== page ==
12 June 2013

Mea Maxima Culpa: Silence in the House of God DVD Review

In the wake of the Jimmy Saville revelations and Operation Yewtree, you’d be forgiven for thinking that old television personalities from the 70’s had a monopoly on committing shocking sex crimes. There is however an institution even older than the BBC with an equally chequered history when it comes to abuse, the Catholic Church. This record of abuse is the focus of Alex Gibney documentary Mea Maxim Culpa: Silence in the House of God which asks whether the set-up of Catholicism had an implicit part to play in the silence surrounding the multiple cases.

The cases themselves turn out to be numerous and spread worldwide but Gibney’s doc is centred in Boston and on the case of Father Laurence Murphy, the head priest at St. Johns school for the deaf. Murphy was a popular figure among the children there, a hearing adult fluent in sign language and able to communicate and establish a rapour with them – the first abuse of power we witness in this hard-hitting documentary. Via signed talking heads with former pupils of St. Johns we learn how this trust was quickly used by Murphy to establish a horrific ritual of sexual abuse and assertion of control across St. Johns. Narration informs us of the frequent and disturbing practices the priest embarked on throughout his time at the school.

Added to the horror of the revelations we hear are shadowy reconstructions of events, utilising religious iconography and imagery to heighten the terror – so prevalent they are in outright horror films.

Setting the film apart from the countless news articles used as source material, Gibney goes further to examine the complicit role of the church itself in hiding such scandals and therefore forcing those guilty to re-offend. Cases appear across America and the rest of the world and Mea Maxima Culpa goes right to the heart, turning their attention and their cameras towards the Vatican.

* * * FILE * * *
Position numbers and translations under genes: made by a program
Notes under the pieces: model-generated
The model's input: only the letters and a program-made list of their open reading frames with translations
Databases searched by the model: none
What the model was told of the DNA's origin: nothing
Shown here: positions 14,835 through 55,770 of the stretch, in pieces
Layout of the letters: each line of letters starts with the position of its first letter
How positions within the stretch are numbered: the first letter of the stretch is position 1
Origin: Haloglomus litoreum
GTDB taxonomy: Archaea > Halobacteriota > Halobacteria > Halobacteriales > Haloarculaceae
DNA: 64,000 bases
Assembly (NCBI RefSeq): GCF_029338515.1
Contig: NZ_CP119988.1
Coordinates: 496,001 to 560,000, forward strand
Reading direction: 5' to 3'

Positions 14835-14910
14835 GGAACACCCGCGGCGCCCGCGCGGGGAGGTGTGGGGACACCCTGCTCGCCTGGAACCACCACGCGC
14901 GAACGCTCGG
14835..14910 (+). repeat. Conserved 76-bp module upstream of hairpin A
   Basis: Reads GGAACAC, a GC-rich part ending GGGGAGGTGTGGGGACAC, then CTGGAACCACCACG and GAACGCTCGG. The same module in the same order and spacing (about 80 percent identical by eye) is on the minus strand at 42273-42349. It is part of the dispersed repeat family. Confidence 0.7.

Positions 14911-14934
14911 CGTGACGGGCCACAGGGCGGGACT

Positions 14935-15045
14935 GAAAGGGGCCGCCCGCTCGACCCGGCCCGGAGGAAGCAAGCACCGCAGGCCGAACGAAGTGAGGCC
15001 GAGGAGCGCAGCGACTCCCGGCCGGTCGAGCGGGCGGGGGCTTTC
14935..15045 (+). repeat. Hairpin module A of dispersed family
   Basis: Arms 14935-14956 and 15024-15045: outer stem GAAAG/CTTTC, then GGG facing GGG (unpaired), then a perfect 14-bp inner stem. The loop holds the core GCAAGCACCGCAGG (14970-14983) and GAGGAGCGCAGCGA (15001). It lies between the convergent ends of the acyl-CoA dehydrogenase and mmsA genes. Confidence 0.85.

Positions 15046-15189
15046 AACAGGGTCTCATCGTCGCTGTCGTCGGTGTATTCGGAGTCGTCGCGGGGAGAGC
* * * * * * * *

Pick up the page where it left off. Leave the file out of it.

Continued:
Established as its own state under the Mussolini reign, Vatican City is free from traditional Italian law and is instead governed under their established Canal law. This self-serving set of rules enables the church to deal with matters in house, often leading to a lot of sweeping under the carpet and hiding away from public scrutiny.

This sense of unravelling of the truth, under chapter-like headings such as ‘the whistleblower’ and ‘the reckoning’ and the use of sharp editing add a suspense to the film leading it to play out almost like a heist or thriller film and ensures it becomes more than the made for TV special it could be in danger of appearing. The sense of anger of pupils, victims and indeed those within the church who bravely stood up to voice their concerns prevails throughout and, while some are able to seek solace, the continued silence coming from the Vatican is deafening and the most frustrating element of all.


Matthew Walsh

Rating: 15
DVD Release Date: 24th June 2013 (UK)
Director: Alex Gibney
Cast: Jamey Sheridan, Chris Cooper, Ethan Hawke

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